Indian Express points to the lack of promoter interest and unfavorable market conditions as accounting for more than half the projects which were reported as stalled in 2015-16 according to CMIE. This was 19% last year and in single digits the previous year.
Interestingly, since 2012-13, even as the share of projects stalled due to government related issues (clearances, raw material supply, land acquisition etc) have declined precipitously, those due to promoter's problems have risen. I am inclined to the view that this is a case of the deliberately suppressed real problems surfacing.
In this context, I had blogged some time back arguing that a vast majority of stalled projects were ab-initio either fully unviable or had to be restructured significantly to regain commercial viability. The high proportion of projects which were shown as ostensibly stalled due to land acquisition and clearances would most probably not have gone ahead in any case for commercial considerations. Blaming site acquisition and clearances gave the promoters an excuse to absolve themselves and kick the can down the road in the expectation that something would happen to salvage the project.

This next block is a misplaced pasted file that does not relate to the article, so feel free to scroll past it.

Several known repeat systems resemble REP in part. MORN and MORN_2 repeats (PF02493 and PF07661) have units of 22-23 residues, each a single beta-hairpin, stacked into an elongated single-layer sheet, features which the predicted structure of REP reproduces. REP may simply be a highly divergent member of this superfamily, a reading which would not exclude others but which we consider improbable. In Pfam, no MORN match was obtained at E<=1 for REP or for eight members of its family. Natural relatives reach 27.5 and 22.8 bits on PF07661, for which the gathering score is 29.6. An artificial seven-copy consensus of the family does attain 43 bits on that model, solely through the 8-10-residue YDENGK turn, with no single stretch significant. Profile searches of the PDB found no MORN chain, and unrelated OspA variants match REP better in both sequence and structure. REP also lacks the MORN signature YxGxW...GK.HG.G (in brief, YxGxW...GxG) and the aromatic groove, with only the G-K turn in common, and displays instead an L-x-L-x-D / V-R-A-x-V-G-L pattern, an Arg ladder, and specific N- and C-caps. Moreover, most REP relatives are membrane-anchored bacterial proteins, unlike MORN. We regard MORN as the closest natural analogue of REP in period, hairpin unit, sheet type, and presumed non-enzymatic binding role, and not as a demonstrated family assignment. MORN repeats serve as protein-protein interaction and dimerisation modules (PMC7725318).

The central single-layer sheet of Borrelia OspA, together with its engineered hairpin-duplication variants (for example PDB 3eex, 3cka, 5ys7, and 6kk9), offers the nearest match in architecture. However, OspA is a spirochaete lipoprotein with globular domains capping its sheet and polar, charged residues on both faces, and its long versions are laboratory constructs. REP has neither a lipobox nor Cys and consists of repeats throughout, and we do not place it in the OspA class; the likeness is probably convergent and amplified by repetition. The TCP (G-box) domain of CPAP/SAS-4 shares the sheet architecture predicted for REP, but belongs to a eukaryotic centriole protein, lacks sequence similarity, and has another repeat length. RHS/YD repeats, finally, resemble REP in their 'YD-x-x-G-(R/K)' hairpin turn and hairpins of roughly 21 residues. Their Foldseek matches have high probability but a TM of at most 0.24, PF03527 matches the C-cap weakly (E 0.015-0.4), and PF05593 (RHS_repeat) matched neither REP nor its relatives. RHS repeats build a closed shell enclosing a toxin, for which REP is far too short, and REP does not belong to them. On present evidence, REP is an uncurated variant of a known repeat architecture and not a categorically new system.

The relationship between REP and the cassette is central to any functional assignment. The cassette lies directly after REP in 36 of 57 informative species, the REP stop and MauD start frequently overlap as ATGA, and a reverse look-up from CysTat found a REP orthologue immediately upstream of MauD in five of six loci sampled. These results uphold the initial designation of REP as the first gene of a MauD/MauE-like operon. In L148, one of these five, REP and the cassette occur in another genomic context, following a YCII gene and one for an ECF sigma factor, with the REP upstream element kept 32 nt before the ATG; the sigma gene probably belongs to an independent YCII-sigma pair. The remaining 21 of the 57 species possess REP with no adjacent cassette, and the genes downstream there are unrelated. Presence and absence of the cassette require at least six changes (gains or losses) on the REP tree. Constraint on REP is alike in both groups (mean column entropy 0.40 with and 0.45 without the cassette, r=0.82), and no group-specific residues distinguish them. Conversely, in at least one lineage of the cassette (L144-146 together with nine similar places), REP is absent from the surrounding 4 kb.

This also means that the bad loans and strained balance sheets faced by the country's banks and corporates respectively are not going to disappear anytime soon. Painful restructuring may be necessary with the majority of these projects, with both banks and promoters taking hits.